Re: Steering the Extropian Ship [was ... Where do cool people go?]

From: Robert Bradbury (
Date: Tue Apr 18 2000 - 18:55:10 MDT

On Tue, 18 Apr 2000 wrote:

Re: great insights, ala Moravec and perhaps Tipler...
> Very few and very far between is the apparent answer.

True. Progress may be nothing more than good (random) minds noticing
the appropriate (or perhaps false) patterns. I had an interesting
insight today (while commenting on a paper Robert Freitas had
sent me for review) into the rate at which assemblers may work
based on the necessity of avoiding information erasure in in computing
(reversible vs. non-reversible computation). What do nanoassembly
and reversible computing have in common? Not much, other than the
fact that I've read alot about both and there may be some really
interesting underlying principles in common regarding the physics
of "information processing". I doubt I ever would have had this
insight had I not been fortunate enough to be reviewing this
particular paper with the background I've accumulated over the
last couple of years. Odds of their being many such strange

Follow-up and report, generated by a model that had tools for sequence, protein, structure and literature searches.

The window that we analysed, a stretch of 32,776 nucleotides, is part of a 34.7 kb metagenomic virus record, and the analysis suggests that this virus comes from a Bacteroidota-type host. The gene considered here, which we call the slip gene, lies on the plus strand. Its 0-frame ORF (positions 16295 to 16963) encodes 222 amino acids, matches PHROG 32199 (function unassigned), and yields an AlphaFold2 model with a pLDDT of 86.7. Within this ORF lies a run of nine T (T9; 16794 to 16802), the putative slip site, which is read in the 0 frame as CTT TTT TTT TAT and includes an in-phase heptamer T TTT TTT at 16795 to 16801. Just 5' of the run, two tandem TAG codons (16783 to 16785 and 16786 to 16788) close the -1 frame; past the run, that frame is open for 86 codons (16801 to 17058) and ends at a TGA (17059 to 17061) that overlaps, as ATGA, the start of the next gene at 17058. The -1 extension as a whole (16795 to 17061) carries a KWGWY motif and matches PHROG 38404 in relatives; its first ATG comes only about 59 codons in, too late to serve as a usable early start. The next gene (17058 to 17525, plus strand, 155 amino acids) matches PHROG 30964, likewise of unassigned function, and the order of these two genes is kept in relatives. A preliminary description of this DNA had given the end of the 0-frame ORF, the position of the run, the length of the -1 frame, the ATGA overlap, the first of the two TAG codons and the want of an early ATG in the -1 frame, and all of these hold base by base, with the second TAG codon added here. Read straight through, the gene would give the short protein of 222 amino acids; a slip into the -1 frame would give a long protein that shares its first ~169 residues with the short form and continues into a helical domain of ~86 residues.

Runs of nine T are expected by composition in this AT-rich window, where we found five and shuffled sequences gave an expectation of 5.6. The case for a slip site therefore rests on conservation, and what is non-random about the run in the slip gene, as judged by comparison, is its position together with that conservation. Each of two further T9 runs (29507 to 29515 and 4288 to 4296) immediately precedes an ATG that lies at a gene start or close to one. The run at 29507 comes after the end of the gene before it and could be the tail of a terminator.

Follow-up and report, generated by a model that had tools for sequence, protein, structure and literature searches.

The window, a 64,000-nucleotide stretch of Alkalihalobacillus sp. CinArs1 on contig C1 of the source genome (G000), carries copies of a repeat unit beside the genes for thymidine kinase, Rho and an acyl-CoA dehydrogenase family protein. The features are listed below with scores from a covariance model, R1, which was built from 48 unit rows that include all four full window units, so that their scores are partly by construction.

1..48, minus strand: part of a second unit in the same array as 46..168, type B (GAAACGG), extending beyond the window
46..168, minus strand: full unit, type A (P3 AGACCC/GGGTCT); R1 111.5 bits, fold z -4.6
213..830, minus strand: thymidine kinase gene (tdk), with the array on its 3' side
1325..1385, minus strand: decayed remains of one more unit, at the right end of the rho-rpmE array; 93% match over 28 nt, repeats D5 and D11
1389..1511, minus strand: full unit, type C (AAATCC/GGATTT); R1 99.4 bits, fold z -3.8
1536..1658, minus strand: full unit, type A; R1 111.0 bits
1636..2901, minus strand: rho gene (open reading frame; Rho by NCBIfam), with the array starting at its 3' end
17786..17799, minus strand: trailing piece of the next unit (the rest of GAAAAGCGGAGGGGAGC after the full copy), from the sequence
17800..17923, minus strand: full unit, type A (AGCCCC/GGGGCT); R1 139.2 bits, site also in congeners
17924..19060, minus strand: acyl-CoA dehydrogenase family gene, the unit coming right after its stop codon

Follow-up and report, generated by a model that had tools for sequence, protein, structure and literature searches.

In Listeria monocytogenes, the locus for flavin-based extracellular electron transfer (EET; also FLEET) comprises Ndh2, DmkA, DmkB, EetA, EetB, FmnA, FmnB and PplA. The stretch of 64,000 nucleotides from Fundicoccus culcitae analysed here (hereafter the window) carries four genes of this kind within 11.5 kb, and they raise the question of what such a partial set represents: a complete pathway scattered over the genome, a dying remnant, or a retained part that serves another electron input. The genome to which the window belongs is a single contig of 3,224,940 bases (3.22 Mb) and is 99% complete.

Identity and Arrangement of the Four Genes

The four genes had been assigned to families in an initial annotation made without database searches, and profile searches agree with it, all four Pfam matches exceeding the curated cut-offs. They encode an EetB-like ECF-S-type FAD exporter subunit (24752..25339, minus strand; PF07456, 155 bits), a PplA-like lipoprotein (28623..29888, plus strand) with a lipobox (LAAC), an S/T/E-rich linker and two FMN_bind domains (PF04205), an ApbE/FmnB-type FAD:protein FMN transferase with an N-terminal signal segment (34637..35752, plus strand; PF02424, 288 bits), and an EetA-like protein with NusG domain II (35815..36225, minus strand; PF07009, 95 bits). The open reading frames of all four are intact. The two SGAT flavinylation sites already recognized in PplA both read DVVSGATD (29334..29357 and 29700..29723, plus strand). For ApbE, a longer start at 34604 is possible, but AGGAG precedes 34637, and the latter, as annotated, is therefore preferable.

insights that occur when interesting branches of knowledge cross?
Pretty high I'm afraid, so it becomes a question of simply how
many individuals are "cross-trained", and that number would seem
to be pretty small. [It would appear though from current progress in
genomics, requiring both molecular biology and computer science
experience and the recent commentary in Science on the educational
needs of the nanotechnology initiative, that more people are coming
to this conclusion.]

> I would say and will say, that there has to be a critical mass for this
> particular philosophy to takeoff. Moreover, there has to be a qualitative
> impetus for this movement to sustain itself and succeed.

I'm not so sure I'd agree. Gravity and evolution have both worked
fine for billions of years with no intervention required... "Look,
Ma, no hands...". The question in my mind and many others is can
we put our hands on the handle bars to steer more effeciently and
still manage to see far enough ahead to avoid hitting some really deep
potholes (including those that may be dug by the less foresightful).

In that respect, and, in the vein of Brent's post, it is up to
each of us to cleverly determine those who would eventually grab
the handle bars and help them reach that point sooner and not gloat
excessively as we steer around those who fell into the holes.
There, but for the whims of the galactic overlords, go us.


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